The 1950s and 1960s in Russian combat aircraft development were marked by intense rivalries between the various design bureau (OKBs) heads. Nowhere else was this seen than with the rivalries between the respective OKBs of Artem Mikoyan, Pavel Sukhoi, and Aleksandr Yakovlev. During the Second World War, Yakovlev's OKB was one of the dominant forces in Russian aviation, having built thousands of fighters for the Soviet air forces. OKB MiG (Mikoyan and his partner, Mikhail Gurevich) was rapidly rising to prominence during the war. OKB Sukhoi really didn't start to establish itself until well after the war (some say that Stalin had a dislike of Pavel Sukhoi as one reason). As the jet age dawned, Yakovlev took a conservative approach that saw the first Yak jet fighters as jet derivatives of his wartime piston engined designs whereas MiG and Sukhoi were willing to push the envelope and advance the state of the art. A rivalry between Sukhoi and Mikoyan developed with Mikoyan gaining the upper hand against both Yakovlev and Sukhoi with the MiG-15, MiG-17, and MiG-19 fighter designs which outclassed comparable aircraft from Yakovlev. When in the 1950s the Soviet military command wanted a supersonic interceptor, it was Sukhoi's delta winged Su-9 (NATO code name Fishpot) that edged out Mikoyan's design based on an enlarged MiG-21 fighter. First flying in October 1957, the Fishpot was certainly fast, but it was handicapped by the poor reliability of its Lyulka AL-7F turbojet. In those days, it was rare for an AL-7F engine to last beyond 200 flight hours- and that's not time between overhauls, the reliability of the engine was so poor that few engine units lasted past 200 flight hours, an abysmal figure. The radar set in the conical shock cone of the nose inlet was limited as well.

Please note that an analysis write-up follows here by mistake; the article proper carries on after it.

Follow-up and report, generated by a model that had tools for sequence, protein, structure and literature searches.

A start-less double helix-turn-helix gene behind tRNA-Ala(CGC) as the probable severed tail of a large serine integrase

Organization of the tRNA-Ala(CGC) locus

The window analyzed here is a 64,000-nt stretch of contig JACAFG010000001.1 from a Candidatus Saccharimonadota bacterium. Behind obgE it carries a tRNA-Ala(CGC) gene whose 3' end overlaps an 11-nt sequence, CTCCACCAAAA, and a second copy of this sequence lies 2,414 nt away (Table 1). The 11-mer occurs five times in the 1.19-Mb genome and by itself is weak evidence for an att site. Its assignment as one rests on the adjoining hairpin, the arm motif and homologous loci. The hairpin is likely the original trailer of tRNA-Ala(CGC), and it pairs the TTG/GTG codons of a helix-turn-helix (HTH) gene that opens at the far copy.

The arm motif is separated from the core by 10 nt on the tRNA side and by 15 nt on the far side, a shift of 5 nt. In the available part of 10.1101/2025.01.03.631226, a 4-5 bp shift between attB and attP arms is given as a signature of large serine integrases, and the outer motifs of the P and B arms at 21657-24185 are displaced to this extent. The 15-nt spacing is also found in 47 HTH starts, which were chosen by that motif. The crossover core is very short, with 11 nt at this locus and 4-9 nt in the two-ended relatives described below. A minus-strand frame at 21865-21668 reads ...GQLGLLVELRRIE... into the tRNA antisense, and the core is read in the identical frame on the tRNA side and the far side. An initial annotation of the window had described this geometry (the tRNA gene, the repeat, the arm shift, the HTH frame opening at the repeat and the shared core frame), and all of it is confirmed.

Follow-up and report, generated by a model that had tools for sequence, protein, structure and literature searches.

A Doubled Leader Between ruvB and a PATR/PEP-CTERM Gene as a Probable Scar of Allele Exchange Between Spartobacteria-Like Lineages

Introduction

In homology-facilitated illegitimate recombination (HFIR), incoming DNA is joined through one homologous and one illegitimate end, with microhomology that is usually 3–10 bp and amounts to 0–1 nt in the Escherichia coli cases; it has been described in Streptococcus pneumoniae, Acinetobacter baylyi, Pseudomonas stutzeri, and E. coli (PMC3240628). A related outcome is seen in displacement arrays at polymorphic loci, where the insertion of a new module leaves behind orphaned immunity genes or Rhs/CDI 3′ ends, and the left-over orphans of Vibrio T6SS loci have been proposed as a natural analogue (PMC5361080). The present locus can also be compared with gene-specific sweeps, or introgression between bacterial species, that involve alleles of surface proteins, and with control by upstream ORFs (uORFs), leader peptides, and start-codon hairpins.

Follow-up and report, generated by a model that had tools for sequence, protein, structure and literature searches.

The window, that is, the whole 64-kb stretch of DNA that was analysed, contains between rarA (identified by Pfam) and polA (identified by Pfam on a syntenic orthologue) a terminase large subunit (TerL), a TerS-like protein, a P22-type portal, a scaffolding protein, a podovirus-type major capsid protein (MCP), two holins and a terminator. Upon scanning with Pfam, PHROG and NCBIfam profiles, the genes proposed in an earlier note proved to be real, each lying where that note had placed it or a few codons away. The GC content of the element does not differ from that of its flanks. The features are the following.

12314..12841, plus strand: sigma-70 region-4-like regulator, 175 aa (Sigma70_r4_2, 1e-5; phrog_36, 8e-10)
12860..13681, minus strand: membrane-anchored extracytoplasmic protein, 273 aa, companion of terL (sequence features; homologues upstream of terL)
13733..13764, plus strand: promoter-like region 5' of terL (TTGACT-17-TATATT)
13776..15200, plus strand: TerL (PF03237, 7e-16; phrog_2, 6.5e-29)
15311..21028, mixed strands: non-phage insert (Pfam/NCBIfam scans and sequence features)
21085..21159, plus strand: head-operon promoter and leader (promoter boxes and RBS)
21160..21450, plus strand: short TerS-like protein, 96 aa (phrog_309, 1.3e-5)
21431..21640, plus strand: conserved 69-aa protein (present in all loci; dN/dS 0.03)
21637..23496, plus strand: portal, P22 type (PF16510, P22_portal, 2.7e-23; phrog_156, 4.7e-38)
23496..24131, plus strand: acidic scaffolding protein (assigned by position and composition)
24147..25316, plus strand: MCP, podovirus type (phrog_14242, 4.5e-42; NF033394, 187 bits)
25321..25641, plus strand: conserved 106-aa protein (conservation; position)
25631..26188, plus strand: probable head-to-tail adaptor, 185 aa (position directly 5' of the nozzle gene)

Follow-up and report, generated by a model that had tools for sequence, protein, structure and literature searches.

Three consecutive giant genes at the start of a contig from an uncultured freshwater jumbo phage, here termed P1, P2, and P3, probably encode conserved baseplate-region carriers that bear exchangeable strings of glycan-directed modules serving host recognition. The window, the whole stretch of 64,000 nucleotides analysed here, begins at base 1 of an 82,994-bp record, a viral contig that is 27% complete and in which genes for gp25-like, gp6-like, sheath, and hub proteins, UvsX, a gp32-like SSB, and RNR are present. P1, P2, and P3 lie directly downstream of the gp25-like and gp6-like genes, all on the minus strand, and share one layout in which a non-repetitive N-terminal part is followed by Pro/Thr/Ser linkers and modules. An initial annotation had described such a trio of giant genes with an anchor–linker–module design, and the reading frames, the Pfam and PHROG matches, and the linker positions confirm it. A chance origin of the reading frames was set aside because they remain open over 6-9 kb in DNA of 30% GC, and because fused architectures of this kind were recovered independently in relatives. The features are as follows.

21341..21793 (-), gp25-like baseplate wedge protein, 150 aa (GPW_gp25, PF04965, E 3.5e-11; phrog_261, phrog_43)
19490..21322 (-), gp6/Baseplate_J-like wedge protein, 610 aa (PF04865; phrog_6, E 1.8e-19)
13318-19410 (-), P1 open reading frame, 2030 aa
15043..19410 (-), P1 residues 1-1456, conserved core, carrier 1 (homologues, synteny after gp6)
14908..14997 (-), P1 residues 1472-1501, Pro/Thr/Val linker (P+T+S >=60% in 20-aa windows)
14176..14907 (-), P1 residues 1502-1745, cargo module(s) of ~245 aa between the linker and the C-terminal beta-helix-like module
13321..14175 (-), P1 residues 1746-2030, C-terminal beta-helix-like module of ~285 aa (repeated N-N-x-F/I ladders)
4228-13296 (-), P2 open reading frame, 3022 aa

|Sukhoi Su-9 "Fishpot"|
Of course, having the Su-9 having much in common with the Su-7 (NATO code name Fitter) tactical fighter did make selecting the Su-9 for production much easier. But the Sukhoi OKB knew that the Soviet Air Defense Forces (PVO) was not pleased with the performance of the Su-9 and with only 924 examples built, an upgraded Su-11 was introduced. But it would be built in very limited numbers. At the time, the Soviet leadership had decreed that the "missile age" had made many aircraft designs obsolete, and like the infamous Duncan Sandys Defence White Paper in the UK that mortally wounded the British aerospace industry, numerous aircraft and engine projects were canceled and only those designs that were developments of existing designs were allowed to continue to develop. As the Yakovlev OKB had already in production the Yak-25/26 interceptor (NATO code name Flashlight) and attack variants, it proceeded with a supersonic design in the Yak-28 (the interceptor variant having the NATO code name Firebar and attack version being the Brewer). Three features made the Yak-28 more attactive than the Su-9/Su-11 family- first, it used the Tumansky R-11 turbojet was showing itself in the MiG-21 to be much more reliable and durable than the Lyulka AL-7F, secondly it had two engines which gave in a perception of safety over the single-engined Su-9/Su-11 family, and thirdly, having a nose free for a larger radar set than what was possible with the nose intake arrangement of the Sukhoi design meant that production was switched over to the Yak-28 instead, the interceptor version being the Yak-28P.
|Yakovlev Yak-28P "Firebar"|
Sukhoi wasn't going to be one-upped by Yakovlev, though. Taking as a baseline the limitations of the Su-9/Su-11 family. OKB Sukhoi set about to create a vastly improved interceptor in the shape of of the Su-15 (NATO code name Flagon). The Su-15 was designed from the outset to be superior to the Yak-28P- it used two of the same Tumansky R-11 engines and used lateral box intakes to leave the nose section free for the same large radar set used on the Yak-28P, the Oryol-D radar. Being a development of the Su-9/Su-11 family, though, it managed to avoid cancellation like so many other projects in the 1958-1959 timeframe in the Soviet Union. Interestingly, the Yak-28P and the Su-15 were produced in the same factory- in the Soviet Union, the OKBs only did design and flight test work with workshops for building prototypes. The designs were then handed off to independent factories for production. At the time, the Novosibirsk aircraft factory No. 153 was responsible for the Yak-28P production and it was assigned production of the Su-15 once it had passed its State acceptance trials in 1962. Given that both the Yak-28P and the Su-15 used the same powerplant and radar, producing both at the same plant made logistical sense. And there was irony in the decision as the same plant built the Su-9/Su-11 interceptors that were replaced in production at that very plant by the Yak-28P. And now the plant was gearing up to produce more Su-15s with the intent of replacing the Yak-28P with the PVO.